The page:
Mass Media News Stories
Excerpts of Key Mass Media News Stories in Major Media
Below are many highly revealing excerpts of important mass media news stories reported in the major media that suggest a major cover-up.
Links are provided to the full stories on their mainstream media websites. If any link should fail to function, click here
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This comprehensive list of mass media news stories is usually updated once a week
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Project Mockingbird: Spying on Reporters
2007-06-26, New York Times
Posted: 2012-01-27 10:13:38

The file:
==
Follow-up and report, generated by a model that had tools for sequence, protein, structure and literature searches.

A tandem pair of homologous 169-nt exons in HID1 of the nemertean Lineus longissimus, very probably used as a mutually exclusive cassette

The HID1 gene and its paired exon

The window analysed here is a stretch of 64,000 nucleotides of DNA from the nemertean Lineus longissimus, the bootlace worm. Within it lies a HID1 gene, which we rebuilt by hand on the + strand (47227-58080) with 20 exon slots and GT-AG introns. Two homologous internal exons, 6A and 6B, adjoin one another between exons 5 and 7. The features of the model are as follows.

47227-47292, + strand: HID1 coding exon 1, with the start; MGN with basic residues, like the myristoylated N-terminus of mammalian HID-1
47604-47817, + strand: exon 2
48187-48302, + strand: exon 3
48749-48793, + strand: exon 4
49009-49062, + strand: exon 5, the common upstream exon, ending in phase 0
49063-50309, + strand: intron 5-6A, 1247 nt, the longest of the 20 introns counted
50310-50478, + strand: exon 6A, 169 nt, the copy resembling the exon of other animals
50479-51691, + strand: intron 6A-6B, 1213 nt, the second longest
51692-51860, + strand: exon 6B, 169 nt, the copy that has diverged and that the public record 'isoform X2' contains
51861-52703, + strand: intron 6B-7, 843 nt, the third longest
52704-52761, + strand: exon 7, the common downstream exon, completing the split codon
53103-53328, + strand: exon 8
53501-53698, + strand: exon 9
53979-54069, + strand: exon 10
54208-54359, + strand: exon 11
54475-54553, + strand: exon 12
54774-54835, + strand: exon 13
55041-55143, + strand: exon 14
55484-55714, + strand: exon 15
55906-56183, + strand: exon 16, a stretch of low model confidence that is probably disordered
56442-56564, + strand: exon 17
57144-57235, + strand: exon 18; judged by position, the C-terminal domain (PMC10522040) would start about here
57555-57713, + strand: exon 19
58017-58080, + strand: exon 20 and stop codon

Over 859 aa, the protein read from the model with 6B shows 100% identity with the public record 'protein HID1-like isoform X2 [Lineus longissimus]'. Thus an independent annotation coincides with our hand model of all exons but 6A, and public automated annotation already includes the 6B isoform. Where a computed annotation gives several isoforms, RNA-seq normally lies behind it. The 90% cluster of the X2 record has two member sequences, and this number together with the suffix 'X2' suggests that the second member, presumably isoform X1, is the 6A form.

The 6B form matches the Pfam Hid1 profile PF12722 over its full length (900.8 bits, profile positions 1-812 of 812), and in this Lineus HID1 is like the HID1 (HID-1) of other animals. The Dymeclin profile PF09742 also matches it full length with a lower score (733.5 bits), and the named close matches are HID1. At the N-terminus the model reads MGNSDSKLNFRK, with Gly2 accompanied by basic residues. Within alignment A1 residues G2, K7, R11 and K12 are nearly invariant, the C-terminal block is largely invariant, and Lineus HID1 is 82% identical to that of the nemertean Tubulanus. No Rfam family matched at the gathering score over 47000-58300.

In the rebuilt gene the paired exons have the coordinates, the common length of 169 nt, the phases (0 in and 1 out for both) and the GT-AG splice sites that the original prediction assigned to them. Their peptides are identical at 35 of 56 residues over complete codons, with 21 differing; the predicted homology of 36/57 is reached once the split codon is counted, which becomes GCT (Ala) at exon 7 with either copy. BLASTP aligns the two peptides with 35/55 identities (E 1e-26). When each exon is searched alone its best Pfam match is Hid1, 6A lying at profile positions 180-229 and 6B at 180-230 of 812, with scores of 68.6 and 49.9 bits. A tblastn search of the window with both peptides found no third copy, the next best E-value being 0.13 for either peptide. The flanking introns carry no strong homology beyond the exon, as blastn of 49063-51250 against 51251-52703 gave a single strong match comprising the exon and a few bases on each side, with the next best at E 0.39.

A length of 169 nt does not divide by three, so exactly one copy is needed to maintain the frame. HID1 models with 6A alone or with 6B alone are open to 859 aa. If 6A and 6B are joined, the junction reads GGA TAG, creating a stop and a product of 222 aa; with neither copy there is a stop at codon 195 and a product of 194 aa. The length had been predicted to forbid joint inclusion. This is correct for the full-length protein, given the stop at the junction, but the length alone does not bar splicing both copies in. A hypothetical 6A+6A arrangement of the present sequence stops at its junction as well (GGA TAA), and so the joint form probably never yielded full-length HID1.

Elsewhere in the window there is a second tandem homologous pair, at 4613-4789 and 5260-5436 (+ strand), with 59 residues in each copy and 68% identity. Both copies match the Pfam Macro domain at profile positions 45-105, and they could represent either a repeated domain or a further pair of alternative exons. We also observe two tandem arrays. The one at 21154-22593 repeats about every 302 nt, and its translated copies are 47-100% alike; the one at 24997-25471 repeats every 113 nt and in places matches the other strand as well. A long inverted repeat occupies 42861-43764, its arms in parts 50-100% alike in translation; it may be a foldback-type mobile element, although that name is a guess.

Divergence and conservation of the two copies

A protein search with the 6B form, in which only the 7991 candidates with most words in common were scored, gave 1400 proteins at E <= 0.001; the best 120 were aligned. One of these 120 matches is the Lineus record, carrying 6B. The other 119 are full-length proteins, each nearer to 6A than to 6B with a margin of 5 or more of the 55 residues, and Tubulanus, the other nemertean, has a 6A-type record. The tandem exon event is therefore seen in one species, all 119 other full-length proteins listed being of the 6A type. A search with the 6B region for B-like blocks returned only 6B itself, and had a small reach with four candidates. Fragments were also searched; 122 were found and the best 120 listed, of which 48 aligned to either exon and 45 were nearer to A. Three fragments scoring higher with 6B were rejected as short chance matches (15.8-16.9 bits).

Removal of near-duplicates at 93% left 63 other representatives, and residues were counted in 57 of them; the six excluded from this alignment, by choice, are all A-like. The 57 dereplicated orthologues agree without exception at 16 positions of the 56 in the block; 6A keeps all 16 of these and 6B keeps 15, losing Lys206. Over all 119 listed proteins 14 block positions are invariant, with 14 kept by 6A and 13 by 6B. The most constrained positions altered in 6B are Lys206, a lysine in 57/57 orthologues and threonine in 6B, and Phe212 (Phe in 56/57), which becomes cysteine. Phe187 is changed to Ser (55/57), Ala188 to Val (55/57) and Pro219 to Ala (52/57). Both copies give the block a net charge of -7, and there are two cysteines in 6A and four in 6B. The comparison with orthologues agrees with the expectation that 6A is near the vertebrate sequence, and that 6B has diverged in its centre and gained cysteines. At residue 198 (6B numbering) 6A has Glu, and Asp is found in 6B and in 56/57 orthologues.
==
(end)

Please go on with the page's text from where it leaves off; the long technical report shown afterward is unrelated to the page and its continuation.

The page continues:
The C.I.A. monitoring of journalists in 1963, 1971 and 1972, including wiretapping their phones and setting up observation posts across the street from their offices to track their comings and goings and their visitors, was a practice that the White House itself employed during the Nixon administration. The description of Project Mockingbird [details] C.I.A. wiretapping of two Washington reporters (unnamed) from March 12, 1963 to June 15, 1963. As with other questionable or illegal C.I.A. activities that were endorsed by top government officials, this account shows that spying on reporters was approved at the highest levels of the Kennedy administration. According to the transcripts of the tapes that President John F. Kennedy secretly recorded in the Oval Office, shortly after 6 p.m. on August 22,1962, JFK and Director of Central Intelligence John McCone discussed a plan for the CIA to wiretap members of the Washington press corps. The president told McCone to set up a domestic task force to stop the flow of secrets from the government to the newspapers. The order violated the agency’s charter, which specifically prohibits domestic spying. By ordering the director of central intelligence to conduct a program of domestic surveillance, Kennedy set a precedent that Presidents Johnson, Nixon, and George W. Bush would follow.